The Unsung Hero of Birdsong USA – by Brenda Woods (Hardcover) Reviews


The Unsung Hero of Birdsong USA – Description:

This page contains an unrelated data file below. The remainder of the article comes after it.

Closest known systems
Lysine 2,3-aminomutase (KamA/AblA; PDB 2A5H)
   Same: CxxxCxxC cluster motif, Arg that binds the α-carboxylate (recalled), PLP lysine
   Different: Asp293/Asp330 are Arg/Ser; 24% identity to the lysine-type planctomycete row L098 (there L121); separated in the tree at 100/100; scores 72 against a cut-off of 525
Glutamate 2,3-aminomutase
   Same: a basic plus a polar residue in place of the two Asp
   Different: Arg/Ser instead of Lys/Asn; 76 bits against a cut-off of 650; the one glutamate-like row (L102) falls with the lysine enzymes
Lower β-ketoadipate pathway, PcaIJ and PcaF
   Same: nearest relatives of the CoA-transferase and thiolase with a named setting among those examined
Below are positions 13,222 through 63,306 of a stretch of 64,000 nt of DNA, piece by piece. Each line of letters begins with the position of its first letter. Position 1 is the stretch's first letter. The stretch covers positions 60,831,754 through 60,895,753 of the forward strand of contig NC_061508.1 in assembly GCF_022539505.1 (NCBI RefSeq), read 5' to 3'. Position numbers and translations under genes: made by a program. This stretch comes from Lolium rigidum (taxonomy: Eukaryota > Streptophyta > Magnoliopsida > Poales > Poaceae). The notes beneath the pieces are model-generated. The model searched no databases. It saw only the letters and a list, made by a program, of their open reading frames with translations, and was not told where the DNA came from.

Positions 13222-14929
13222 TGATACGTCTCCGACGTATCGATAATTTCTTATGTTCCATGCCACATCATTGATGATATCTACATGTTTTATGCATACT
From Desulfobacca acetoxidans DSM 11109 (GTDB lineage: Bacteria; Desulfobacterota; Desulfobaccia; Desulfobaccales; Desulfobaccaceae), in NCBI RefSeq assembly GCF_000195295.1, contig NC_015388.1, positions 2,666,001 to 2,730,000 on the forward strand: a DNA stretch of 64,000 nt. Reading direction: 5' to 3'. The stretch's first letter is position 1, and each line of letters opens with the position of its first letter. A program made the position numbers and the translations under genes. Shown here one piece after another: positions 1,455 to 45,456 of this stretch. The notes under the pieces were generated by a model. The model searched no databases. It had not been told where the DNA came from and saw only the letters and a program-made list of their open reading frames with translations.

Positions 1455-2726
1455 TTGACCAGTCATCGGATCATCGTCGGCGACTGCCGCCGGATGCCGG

The Unsung Hero Woods casts a much needed spotlight on the history of African-American troops in World War II.–The New York Times Book Review The story encourages trying to consider situations from other peoples perspectives.–The Washington Post * If Opie Taylor from The Andy Griffith Show wrote a book about Mayberrys racism the voice would be that of Gabriel Haberlin the 12-year-old white boy who is saved from near tragedy by Meriwether Hunter a colored man. . . . The authors use of the word colored isnt gratuitous–the books setting is Birdsong South Carolina in 1946. The word also sets the tone of the towns postwar racial references and bigotry. . . . An affecting–and realistic–story. Another stellar outing from the always-solid Woods.–Kirkus Reviews starred review * True friendships defy age gender race and other obstacles. . . . Woods writes an important story of racism in small town USA in the aftermath of WWII. Told through the eyes of a child the reader witnesses the confusion and turmoil present within the country and its citizens when black soldiers who fought for their countrys freedom returned home and found that they werent celebrated as heroes and that their rights were still unequal. Brenda Woods characters are complex yet relatable. Her plot beautifully told yet heartbreaking. Her message long-standing yet relevant even today. This is a must-have for all classroom and school libraries and would be an excellent companion book to US history studies of this time period.–School Library Connection starred review Even readers who have been taught about segregation in the South are likely to deepen their knowledge of the nuanced history through the novels handling of how white and African-American veterans were treated differently after WWII. The characters of impressionable Gabriel and Meriwether whose patience is tried by societys unfair rules ring true as the story shows that the world including Birdsong USA isnt always pretty.–Publishers Weekly There are many books that show segregation and its corrosive effects through the eyes of both white and black children and in Gabriels engaging first-person narrative one can almost see the wheels turning as he realizes what life is like for Hunter and his family especially after he learns the vet cant speak of his distinguished service due to white attitudes. . . . Gabriels strong and questioning voice will have appeal for middle-graders and the story will give them a history lesson as well.–Booklist Gabriel witnesses the fear pain anger and sense of powerlessness faced by African Americans living under Jim Crow. This title presents the reality of racism in the mid-20th century as seen through the perspective of a young white boy. Hand to readers looking for historical fiction or those who enjoy the works of Christopher Paul Curtis and Rita Williams Garcia.–School Library Journal The Unsung Hero of Birdsong USA –